Shaken Baby Syndrome: fact or fiction in Portugal?.

Sandra Pereira, Teresa Magalhães

Abstract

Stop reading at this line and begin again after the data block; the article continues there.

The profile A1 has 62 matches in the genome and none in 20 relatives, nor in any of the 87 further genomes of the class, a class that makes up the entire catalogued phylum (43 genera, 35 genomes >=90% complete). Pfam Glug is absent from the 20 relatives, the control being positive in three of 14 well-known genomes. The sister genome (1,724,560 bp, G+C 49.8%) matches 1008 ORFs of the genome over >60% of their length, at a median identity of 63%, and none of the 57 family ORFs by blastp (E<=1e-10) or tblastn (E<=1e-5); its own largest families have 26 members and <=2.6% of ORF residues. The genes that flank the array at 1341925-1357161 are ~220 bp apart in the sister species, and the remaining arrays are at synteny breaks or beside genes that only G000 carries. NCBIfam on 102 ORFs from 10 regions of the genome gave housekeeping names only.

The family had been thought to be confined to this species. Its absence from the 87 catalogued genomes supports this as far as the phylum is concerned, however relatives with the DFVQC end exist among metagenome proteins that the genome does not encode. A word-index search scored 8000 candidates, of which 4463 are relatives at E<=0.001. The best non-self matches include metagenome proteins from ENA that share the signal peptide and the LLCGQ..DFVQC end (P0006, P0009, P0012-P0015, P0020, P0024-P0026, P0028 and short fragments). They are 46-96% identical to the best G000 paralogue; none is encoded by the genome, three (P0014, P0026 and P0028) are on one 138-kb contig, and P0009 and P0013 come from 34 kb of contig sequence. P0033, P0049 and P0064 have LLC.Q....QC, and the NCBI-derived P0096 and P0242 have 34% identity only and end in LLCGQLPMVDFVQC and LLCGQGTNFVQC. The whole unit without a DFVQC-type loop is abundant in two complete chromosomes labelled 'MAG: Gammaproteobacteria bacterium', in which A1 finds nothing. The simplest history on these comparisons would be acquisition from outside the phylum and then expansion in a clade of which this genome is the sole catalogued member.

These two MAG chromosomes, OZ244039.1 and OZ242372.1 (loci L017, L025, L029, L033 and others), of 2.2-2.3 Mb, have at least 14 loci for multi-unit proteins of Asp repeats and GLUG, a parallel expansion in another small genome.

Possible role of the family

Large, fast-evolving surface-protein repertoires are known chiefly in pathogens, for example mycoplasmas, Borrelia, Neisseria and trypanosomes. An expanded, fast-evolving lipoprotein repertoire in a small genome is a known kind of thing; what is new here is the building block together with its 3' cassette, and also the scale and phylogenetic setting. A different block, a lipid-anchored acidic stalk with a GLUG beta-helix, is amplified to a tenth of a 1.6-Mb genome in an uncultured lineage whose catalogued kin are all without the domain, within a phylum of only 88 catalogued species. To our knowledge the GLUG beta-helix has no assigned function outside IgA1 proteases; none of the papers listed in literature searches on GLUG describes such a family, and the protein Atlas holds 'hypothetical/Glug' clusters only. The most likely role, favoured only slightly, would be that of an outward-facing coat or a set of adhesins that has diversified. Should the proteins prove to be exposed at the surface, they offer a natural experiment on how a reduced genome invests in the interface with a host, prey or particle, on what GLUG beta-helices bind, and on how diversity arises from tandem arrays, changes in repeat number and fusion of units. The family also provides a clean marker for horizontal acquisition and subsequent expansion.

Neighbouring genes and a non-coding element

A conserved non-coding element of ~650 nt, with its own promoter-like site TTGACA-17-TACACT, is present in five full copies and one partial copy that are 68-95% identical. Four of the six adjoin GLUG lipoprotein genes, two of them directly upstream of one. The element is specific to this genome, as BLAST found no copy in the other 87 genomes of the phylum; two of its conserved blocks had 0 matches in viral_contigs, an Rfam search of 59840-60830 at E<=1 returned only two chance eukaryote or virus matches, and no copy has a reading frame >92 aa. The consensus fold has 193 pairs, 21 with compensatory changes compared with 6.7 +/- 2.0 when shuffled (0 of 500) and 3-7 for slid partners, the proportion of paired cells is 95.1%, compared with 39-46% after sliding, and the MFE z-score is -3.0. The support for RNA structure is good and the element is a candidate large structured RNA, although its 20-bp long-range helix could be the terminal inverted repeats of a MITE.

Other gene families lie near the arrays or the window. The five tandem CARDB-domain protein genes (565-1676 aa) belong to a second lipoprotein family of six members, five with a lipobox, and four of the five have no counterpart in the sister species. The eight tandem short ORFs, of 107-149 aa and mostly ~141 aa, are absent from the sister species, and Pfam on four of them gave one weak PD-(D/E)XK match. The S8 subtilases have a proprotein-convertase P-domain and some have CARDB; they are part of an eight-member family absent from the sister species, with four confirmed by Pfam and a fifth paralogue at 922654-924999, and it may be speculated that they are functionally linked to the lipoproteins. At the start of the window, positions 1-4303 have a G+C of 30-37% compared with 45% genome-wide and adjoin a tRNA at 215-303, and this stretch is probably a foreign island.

Shaken Baby Syndrome (SBS) is an unquestionable and current worldwide problem, as it is considered one of the most severe forms of child abuse, with significant morbidity and mortality among children under one year of age. In Portugal the actual incidence of SBS is still unknown and probably undervalued and underdiagnosed, but international literature reports incidences between 14 and 40.5 per 100.000 children a year in several different countries. It is classically considered SBS to consist of shaking a child repeatedly and violently, inducing a cervical whiplash like movement. Due to the child's development stage, this external force of acceleration/deceleration acting on the head and cervical musculature may cause several lesions, specially subdural, subarachnoid and retinal hemorrhage, and sometimes even bone fractures. However, there is no unanimity concerning this trauma mechanism, especially on the requirement of direct trauma to the head leading to intracranial lesions, since a satisfactory biomechanical model to test it is still lacking. Its diagnosis is controversial, difficult and has important legal and family implications, always adding an emotional element to it, susceptible of withholding the necessary objectivity. In order to substantiate a strong suspicion it is thus mandatory to correlate the clinical history, the physical examination and all the diagnostic auxiliary exams. Consequences may range from mild to fatal, encompassing the child's psychological, cognitive, physical and sensory-motor development, on a short or long term basis. Nevertheless, from a global perspective, its prognosis is almost always poor. So, education and prevention assume primary importance in order to reduce incidence, morbidity and mortality of the SBS. Countries like the U.S.A, Scotland, France, Germany, Switzerland, Canada, Estonia and Japan have long been interested in studying this syndrome's trauma mechanism and incidence, as well as in the development of prevention campaigns and other forms of intervention, particularly through education. However, SBS is still greatly undisclosed in Portugal, since there are neither epidemiological studies nor educational campaigns (or other forms of intervention) on this subject. Thus, the aim of this study is to promote reflection and debate on the issue, displaying the relevance of studying it and investing in information and training in Portugal, in order to prevent and properly diagnose such cases in a timely fashion.

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